Change -- The Investor's Only Certainty

The markets have been going through a protracted and agonizing testing of the lows they reached in October 2008. On an intraday basis the S&P 500 today broke those lows and briefly touched the closing lows of the previous bear market reached on October 9, 2002: S&P 776.

There are few investors alive today who have gone through markets as ugly as the current one. No bear market since World War II has been down as much as this market is now down from the peaks it reached in October 2007. The S&P 500 index is down 48.5% from its peak reached in that month, as of yesterday's close, surpassing even the bear market of 1973-74.

The current crisis meets the definition not only of a bear market but also of a panic, as we noted in this previous post. Selling has reached irrational levels: the market is priced as if there has been no value added since 2002. This is irrational.

However, markets are forward-looking, and they represent the sum of what investors feel about future value. As such, it is reasonable to conclude that many investors right now are acting as though the entire system is going to fail, or at least experience a contraction unlike anything since the Great Depression.

During times like this, our first point is that we do not believe the system is going to fail. In fact, the seeds of recovery have already been sown, as we have pointed out in this post and will discuss further in future posts.

Nevertheless, it is also true that "change is the investor's only certainty." Forty years ago, in June of 1968, Thomas Rowe Price wrote a short pamphlet entitled "The New Era for Investors." The late Dick Taylor, who managed portfolios with Mr. Price and from whom the investment process used at Taylor Frigon Capital Management is descended, kept a copy of that bulletin, which contains insights that are valuable today.

In particular, that pamphlet contained a paragraph which reads:

"Keep in mind that forecasting the future is always a very difficult task. Opinions are bound to be only partly accurate because of the unforeseeable and unpredictable events which change the normal or expected trends which appear logical at the time. This is why hindsight is always much easier than foresight. By way of illustration, it is almost impossible to foresee such events as wars, assassinations, and nature's catastrophes, such as floods, droughts, famines, etc. Also, inventions and changes in personal leadership influence the course of history. A forward-looking investor must be able to reasonably assess and evaluate the currents and the tides and be prepared to reckon with winds or storms, which are unpredictable. He must be constantly alert. He must stick to the basic concepts which have proven sound over a period of centuries, be flexible of mind and be willing to change opinions, change tactics, and not stubbornly stick to old opinions and buck new trends, or try to swim against the tides."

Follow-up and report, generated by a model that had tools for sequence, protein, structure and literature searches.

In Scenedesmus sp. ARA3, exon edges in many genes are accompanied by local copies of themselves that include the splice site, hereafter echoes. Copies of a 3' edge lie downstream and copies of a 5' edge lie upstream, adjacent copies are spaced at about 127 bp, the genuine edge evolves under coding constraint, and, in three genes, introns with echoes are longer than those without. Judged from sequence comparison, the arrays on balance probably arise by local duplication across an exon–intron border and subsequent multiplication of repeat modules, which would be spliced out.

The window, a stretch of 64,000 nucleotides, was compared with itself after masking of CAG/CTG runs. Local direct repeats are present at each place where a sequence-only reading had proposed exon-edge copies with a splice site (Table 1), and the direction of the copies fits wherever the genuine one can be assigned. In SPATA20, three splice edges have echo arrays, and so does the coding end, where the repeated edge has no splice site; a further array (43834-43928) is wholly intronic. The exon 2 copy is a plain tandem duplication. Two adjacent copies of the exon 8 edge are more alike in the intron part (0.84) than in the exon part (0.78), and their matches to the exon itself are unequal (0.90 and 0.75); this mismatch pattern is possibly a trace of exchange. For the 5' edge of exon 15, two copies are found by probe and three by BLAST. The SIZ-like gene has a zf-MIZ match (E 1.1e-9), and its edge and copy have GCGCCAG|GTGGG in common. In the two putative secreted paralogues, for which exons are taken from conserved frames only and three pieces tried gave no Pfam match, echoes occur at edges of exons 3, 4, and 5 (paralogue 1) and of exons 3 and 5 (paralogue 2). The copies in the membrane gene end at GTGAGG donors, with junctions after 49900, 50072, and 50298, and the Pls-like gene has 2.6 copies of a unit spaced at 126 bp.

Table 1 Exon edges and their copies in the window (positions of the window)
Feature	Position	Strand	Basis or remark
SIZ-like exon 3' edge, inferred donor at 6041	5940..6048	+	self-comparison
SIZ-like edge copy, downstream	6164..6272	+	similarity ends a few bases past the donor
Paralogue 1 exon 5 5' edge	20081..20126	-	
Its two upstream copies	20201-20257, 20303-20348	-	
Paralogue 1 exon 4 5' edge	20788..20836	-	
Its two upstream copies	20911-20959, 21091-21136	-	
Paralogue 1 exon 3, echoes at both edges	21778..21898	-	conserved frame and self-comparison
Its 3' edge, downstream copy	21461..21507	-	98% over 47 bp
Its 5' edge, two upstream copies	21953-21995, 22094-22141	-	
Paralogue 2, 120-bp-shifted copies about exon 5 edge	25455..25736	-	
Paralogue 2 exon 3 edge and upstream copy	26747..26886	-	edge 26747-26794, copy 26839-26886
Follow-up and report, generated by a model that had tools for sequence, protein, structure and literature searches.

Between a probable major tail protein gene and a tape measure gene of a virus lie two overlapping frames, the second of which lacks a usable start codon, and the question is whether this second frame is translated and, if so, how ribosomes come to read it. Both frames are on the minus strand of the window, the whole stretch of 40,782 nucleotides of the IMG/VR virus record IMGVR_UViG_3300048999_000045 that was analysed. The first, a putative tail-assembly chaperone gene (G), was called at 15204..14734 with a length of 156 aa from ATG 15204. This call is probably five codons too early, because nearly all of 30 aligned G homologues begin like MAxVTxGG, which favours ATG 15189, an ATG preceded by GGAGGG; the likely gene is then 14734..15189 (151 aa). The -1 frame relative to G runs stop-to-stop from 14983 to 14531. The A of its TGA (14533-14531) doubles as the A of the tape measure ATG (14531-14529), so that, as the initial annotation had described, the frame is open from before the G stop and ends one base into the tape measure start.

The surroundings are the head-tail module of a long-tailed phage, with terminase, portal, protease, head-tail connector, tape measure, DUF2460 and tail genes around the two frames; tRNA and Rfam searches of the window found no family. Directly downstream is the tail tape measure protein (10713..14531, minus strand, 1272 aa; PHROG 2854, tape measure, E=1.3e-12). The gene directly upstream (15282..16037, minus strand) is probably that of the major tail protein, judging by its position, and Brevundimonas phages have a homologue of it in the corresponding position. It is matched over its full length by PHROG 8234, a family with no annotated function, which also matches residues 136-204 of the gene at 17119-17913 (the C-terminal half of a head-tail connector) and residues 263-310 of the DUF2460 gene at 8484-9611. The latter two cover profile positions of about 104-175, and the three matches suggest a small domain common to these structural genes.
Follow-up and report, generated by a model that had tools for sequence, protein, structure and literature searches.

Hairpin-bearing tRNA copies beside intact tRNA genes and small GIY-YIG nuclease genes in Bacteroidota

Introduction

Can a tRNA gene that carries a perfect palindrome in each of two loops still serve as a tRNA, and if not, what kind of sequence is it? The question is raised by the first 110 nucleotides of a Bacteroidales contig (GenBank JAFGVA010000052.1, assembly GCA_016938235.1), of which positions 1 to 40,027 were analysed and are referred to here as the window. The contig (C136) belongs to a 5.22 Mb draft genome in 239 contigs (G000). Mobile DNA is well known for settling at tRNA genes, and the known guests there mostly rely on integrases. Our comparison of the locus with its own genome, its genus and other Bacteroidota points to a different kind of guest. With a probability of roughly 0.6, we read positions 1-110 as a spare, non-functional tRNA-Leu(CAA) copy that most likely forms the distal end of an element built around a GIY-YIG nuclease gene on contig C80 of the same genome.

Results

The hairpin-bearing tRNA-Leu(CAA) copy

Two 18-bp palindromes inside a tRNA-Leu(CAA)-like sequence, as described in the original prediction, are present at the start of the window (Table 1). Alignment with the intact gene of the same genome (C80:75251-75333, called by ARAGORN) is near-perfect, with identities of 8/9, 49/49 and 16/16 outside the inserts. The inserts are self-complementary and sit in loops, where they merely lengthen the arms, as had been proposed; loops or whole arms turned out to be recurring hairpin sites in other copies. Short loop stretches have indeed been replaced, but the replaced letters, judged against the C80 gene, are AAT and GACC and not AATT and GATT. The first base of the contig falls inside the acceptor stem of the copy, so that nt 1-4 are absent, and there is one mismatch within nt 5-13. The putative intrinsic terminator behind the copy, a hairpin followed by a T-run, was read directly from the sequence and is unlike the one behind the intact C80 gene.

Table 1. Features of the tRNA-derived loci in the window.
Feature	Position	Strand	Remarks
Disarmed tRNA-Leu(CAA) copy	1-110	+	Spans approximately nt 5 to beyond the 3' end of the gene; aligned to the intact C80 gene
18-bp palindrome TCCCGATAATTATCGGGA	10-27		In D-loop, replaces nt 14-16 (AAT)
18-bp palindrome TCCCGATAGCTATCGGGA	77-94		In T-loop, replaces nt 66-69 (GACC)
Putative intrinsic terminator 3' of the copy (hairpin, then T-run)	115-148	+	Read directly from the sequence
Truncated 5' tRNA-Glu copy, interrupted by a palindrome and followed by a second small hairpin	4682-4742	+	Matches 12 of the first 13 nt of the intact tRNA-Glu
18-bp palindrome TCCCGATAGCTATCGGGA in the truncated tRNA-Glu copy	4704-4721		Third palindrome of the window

This tension between the dictum "stick to basic concepts which have proven sound" and the requirement to "be flexible of mind" is something we have written about before, for instance in the January post "Remaining calm without being blind or obstinate."

The most important lesson from this voice from forty years ago is that massive change is nothing new or unique to the present time. In fact, in the 1968 bulletin, Mr. Price refers to a 1966 bulletin he wrote entitled "Change -- The Investor's Only Certainty."

The frame of mind described in the paragraph above -- that the investor "must be constantly alert" and "willing to change opinions" -- is clearly valuable today. The upheavals of the 1960s and the 1970s, which Taylor and Price experienced, were not the end of American capitalism -- far from it.

The future will not look exactly like any previous decade; in fact, as the paragraph above reveals, current opinions and predictions will no doubt turn out to be "only partly accurate." But the attitude of holding to proven principles while remaining alert is an important lesson from a professional investor who lived through the 1920s and the 1930s, and who survived and succeeded by following those tenets.

For later posts dealing with this same subject, see also:
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